An Overview on Knee Pain Causes, Diagnosis & Treatment
Everyone is prone to experience knee pain, whether you are an Olympic champion or a desk-bound clerk with an inactive lifestyle, across all age groups. Knee injuries could be chronically developed or sustained as a consequence of an event such as soccer or rugby games. Knee pain develops gradually over time may be a result of medical conditions like arthritis or gout and/or mechanical problems.
DTAP provides diagnosis, treatment and managing Joint Pain related problems.
Signs and Symptoms
Some signs and symptoms that come along with knee pain include:
- Bolting or “jamming” of the knee
- Unable to extend the knee or flex fully
- Redness and swollen skin
- Wobbliness or jelly legs, when changing direction
- Cracking noises when flexing the knee or squatting
Diagnosing the exact cause is important and the degree and location of knee pain may vary as a result.
Anatomy of the Knee
The knee is a complex structure with many parts working together for us to squat, jump, run or holding our weight together. It is the largest joint in the human system and as often it is being used, it is susceptible to damages.
There are three bones in the knee:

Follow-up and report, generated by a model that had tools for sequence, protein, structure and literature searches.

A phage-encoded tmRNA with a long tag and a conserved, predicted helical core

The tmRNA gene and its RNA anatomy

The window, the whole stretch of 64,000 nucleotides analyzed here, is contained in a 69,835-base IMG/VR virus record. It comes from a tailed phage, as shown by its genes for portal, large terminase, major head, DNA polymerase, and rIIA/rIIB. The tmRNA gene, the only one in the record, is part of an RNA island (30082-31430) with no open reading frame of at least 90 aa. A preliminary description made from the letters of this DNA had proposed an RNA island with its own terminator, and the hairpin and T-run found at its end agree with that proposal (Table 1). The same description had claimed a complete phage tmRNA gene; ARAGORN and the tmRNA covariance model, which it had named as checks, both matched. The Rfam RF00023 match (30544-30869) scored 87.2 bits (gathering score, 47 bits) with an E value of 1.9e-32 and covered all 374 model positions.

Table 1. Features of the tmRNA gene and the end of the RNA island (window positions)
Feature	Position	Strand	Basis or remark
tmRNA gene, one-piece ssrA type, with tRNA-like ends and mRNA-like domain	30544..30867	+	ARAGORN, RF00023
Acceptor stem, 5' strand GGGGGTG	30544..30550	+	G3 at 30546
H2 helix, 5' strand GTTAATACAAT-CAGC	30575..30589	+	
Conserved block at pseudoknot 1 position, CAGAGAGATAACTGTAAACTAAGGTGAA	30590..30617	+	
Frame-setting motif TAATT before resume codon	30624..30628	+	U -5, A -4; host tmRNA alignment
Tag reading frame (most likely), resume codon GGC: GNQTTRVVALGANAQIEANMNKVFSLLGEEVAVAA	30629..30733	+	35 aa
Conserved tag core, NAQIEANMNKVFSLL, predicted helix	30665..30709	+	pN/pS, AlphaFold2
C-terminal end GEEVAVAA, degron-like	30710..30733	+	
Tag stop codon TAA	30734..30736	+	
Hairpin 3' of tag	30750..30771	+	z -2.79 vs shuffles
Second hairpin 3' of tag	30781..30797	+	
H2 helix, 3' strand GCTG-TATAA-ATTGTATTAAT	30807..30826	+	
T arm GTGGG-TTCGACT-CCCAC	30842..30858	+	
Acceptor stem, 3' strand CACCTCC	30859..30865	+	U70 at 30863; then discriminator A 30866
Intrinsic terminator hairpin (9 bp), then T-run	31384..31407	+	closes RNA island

- The knee cap or patella, sitting above the tibia and femur
- The shin bone or tibia
- The thigh bone or femur
Menisci, the two thick crescent-shaped pads of cartilage that reduces friction and absorbs impact, is between the femur and tibia. There is a layer of smooth cartilage at the ends of the bones to reduce friction between them. A joint capsule holds the bones together and has an inner layer secreting synovial fluid to lubricate the knee joint.
Stabilizing and supporting bones of the knee joint are tendons, muscles and several ligaments:
- Anterior and posterior cruciate ligament (ACL & PCL) – Preventing the forward and backward movement of the tibia and found in the centre of the knee joint
- Patellar ligament – attaches the tibia to patella
- Quadriceps tendon – quadriceps (thigh) muscle attached to the patella
- Quadriceps muscles – responsible for unbending the knee and found at the thigh’s front
- Medial and lateral collateral ligament (MCL & LCL) – in the outer and inner parts of the knee
- Hamstring muscles – responsible for flexing the knee and is found at the back of the thigh
What are the common causes of Knee Pain
- Fracture. People who have fragile bones due to osteoporosis may sustain a knee fracture by mis-step or tripping. Previous falls or trauma such as road accidents can cause the bones of the knee to be broken.
- Osgood-Schlatter Disease (OSD). OSD is caused by inflammation of the patella tendon. OSD is most commonly found in preteen or teenage boys experiencing growth spurts, and especially so if they are active sportspersons.
- Meniscal injury. Sports can lead to meniscal tears and ligament injuries. The menisci tear when the knee undergoes a twisting motion while it is bent.